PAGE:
The debate rages on. Is Khabibulin going to bounce back next season, or will he continue to be a sub-par goaltender who ends his career with a fizzle? It turns out that it doesn't really matter. Regardless of the answer to that question, the one near-certainty is that Nikolai Khabibulin won't be with the Oilers for longer than the next two years. That means that a long term solution is needed between the pipes.
There were rumblings that the Oilers were in on the race for free agent goalie Tomas Vokoun this off season before he signed with Washington. If true, it suggests that the organization is not concerned with adding a goaltender through free agency and the implications for Khabibulin. If a third goalie enters the fold, it probably won't be Devan Dubnyk who goes down to Oklahoma City. That leaves old Nik as the odd man out.
Next July 1st Vokoun will be up for grabs again, but he'll also be seeking a long-term deal at age 36. If that sounds painfully familiar, it's because that is the story of Khabibulin as well. Granted, Vokoun has been solid over the past several seasons, but he's still not a long term solution. Nashville's Pekka Rinne is set to become an Unrestricted Free Agent next July as well, assuming that the Predators don't sign him to an extension before then. Rinne is the type of goalie that could be a real answer for the Oilers.
The 28 year old currently carries a cap hit of $3.4 million, and to sign him would probably take a raise of at least one to two million dollars. This past year he was second in the league in save percentage at .930 and third in goals against average with 2.12. Over his career, which spans 177 games, Rinne has posted a .920 SV% and 2.33 GAA. The fact that Rinne will be just 29 at the time of next year's free agent frenzy means that his team will still get a lot of quality mileage out of him.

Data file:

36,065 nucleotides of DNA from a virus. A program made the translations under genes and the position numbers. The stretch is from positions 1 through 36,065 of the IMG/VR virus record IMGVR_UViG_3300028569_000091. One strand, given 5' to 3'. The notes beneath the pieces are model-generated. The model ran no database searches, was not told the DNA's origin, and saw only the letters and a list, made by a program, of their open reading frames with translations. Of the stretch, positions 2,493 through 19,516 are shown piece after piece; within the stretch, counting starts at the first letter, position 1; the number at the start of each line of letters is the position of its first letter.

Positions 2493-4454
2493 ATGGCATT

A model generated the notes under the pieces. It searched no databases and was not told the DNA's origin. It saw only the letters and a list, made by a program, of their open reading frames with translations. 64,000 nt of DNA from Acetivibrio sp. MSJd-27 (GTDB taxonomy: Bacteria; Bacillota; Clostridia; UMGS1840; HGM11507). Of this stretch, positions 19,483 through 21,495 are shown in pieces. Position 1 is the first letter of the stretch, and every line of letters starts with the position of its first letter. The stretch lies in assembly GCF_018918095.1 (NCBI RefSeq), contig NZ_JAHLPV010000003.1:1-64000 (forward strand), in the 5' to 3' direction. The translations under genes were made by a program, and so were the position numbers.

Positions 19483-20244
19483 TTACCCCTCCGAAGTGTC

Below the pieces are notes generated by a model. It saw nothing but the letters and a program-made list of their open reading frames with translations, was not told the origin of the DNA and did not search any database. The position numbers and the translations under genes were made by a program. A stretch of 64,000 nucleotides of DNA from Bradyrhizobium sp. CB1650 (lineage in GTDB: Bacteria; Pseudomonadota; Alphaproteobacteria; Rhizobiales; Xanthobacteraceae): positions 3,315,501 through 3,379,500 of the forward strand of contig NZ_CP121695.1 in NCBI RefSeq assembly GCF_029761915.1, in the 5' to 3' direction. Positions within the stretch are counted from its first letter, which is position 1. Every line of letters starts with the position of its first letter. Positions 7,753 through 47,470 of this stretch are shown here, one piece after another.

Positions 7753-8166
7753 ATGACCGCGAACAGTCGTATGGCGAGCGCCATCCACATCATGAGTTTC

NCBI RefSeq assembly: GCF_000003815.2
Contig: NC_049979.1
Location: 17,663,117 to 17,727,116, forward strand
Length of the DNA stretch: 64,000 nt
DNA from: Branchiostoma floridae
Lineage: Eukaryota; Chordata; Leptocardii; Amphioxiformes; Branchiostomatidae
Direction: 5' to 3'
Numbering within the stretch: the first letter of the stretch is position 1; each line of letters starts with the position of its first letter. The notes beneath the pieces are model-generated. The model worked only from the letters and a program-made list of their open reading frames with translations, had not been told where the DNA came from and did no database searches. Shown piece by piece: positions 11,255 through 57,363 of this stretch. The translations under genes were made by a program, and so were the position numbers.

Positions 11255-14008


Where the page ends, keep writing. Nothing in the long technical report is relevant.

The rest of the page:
It's a rare opportunity for the Oilers because Rinne fits perfectly into the age bracket that will allow the team to stay together for a long time. Furthermore, when Nikolai Khabibulin comes off the books, $3.75 million in cap space will open up. If the Oilers signed Rinne to a contract with a cap hit of around $5 million, it would mean spending just $1.25 million more for a tremendous goaltending upgrade and would still leave plenty of flexibility to sign the wunderkids to new deals.
The inevitable question is what the Oilers do with Devan Dubnyk. Dubnyk is an RFA after next season, and he will probably want a bump from the $800,000 salary he is bringing in now. The Oilers should still be able to get a deal done without breaking the bank.
There's certainly plenty to like about Dubnyk, but he only has 54 NHL games under his belt at this point. Throwing him into the fire of the starting job might not be the best thing for him, or for the team. Signing Rinne - or any veteran goaltender for that matter - doesn't mean Dubnyk isn't part of the team's future plans; it simply cements the position going forward. The Vancouver Canucks and Boston Bruins both went into the playoffs with number one and one-A goalies. While the one-A's didn't much effect the outcome, it was a nice luxury to have during the regular season and also the playoffs where anything can happen.
***After next season the Oilers should have the clout around the league to be able to land the bigger fish in free agency. It will be impossible to ignore all the up-and-coming talent on the team. If the Oilers offer competitive money, term and a chance to win, then there's no reason that a player like Rinne wouldn't take an offer seriously.
It may be a hard pill for Darryl Katz to pay Khabibulin $3.75 million to play for the AHL team in the last year of his deal, but the owner has shown a willingness to open the check book to help the team win. His going along with how Tambellini handled Sheldon Souray shows that Katz understands the big picture regardless of the cost, especially considering that it ended in a buyout anyway. If the Oilers have a chance to make their goaltending rock solid for the next 4-6 years by signing Rinne and Dubnyk, it seems unlikely that Katz would be opposed to burying Khabibulin on the farm. One thing is for sure: the fans wouldn't mind in the least; which speaks volumes about the Oilers' situation in goal.
It may be next July that the situation finally gets rectified.